Now it’s a recall of the Fraser Rec District board, but what’s next?
To the Editor:
AGAIN and STILL: The goals of the “Concerned Citizens” (CC) are changing, unclear and, ultimately, destructive and expensive. Let’s review:
First, the “CC” of one, Pat Rupert, urged a “no” vote on the Fraser Valley Metropolitan Recreation District bond projects; bond vote passed; he sued; he lost his suit.
Second, “CC” were against the election itself to then being against the courts; challenged the vote, lost again.
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Third, in June and July, “CC” were against the contract with Cornerstone Holdings (Grand Park).
Then, “CC” changes, now against the location of the rec center.
Next, “CC” state in a public meeting (August 2008) their goal is to “reverse” the rec center and “reverse” the bond vote.
Then suddenly the “CC” states they are against three of the directors and they start a recall effort because those three signed a contract with Cornerstone that gave the district $4.6 million in land and infrastructure for the rec center. After all, nothing else has worked for them. I’m sure they will find the needle in the haystack if they look long enough.
Oh, and let’s not leave out the “how dare the board agree to letting a multimillion dollar contributor have a say in the name” fiasco. Coors Field, Invesco Field at Mile Hi, Petco Field any of those ring a bell to anyone?
Yet another change in direction, the “CC” say they would not hinder construction (after saying in August they would “reverse” the rec center) but would rather “make Clark Lipscomb … pay for the Grand Park Recreation Center.”
Viki Bale thinks by saying something is so, it makes it so. Her letter of Dec. 9 makes this clear.
She claims that there’s a need for extreme measures because of an extreme condition she invents. She states: “If you don’t call signing a contract that changes the status of a publicly held tax-free bond to a private property bond an extreme situation, then I don’t know what is.”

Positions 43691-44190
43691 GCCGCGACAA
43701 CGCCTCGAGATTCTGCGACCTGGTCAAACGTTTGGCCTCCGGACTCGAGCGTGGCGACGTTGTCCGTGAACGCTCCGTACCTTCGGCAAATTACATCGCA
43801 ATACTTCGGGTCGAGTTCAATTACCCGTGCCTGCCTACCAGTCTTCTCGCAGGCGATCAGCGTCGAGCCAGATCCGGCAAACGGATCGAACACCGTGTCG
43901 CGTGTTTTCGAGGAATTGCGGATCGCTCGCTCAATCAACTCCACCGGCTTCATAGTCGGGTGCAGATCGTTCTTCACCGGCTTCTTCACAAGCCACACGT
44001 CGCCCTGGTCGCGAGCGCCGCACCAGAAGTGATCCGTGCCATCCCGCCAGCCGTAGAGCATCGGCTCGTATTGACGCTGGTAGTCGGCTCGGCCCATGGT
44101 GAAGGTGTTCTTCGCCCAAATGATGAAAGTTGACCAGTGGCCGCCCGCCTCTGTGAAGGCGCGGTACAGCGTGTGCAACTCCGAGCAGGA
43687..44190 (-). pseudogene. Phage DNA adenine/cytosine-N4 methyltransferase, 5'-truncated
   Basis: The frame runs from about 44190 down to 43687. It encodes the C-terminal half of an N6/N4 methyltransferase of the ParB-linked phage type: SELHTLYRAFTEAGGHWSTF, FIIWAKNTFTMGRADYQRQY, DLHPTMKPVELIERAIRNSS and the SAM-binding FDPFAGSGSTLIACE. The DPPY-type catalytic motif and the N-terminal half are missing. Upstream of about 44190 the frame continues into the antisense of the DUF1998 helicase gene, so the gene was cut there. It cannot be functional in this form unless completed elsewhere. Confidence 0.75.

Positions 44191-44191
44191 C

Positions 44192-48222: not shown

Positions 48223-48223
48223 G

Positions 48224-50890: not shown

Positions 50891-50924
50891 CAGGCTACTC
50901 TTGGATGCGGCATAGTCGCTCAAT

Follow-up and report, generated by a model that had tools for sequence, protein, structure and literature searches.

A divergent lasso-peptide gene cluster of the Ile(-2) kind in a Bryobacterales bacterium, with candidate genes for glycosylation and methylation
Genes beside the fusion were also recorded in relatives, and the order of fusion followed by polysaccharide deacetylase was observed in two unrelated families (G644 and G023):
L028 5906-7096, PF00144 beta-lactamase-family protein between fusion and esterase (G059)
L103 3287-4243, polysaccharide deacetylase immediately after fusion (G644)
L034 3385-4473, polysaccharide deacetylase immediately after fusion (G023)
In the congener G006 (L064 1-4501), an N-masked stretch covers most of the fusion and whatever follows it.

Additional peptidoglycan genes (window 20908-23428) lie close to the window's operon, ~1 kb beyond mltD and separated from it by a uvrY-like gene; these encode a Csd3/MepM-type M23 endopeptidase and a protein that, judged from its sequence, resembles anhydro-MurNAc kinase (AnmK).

She’s right ” she doesn’t know.
The bonds are tax free because the rec center and the land is public land with full public access. Because her lawyer Mark Rudis wants to elect three people to the board to use public funds to argue to the IRS otherwise doesn’t make it so. That’s right, they want to argue to the IRS that the public rec center is really private and therefore “force” Clark Lipscomb to “buy” the rec center. That’s the great, bright future Bale and Pat Rupert and their cohorts want for our Valley. Such a course of action would involve endless delays, bitter lawsuits and would ultimately kill the rec center that the people voted for last year, costing the taxpayers even more money.
Bale, with the advice of her lawyer Mark Rudis, wants desperately to make that public rec center into a private one so they can challenge the bonds. This is a denial of reality, counterproductive, costly and, ultimately, bad for the Fraser Valley.
What in the world, one could reasonably ask, does this group intend to do if elected to the board? Take your pick. But rest assured it will change again and it won’t be good for the pocket books of taxpayers. Pat Rupert has already cost all of us in excess of $425,000 ” i.e. timing of bond sale, election supplies, lawyer fees and the like, and it continues to grow.
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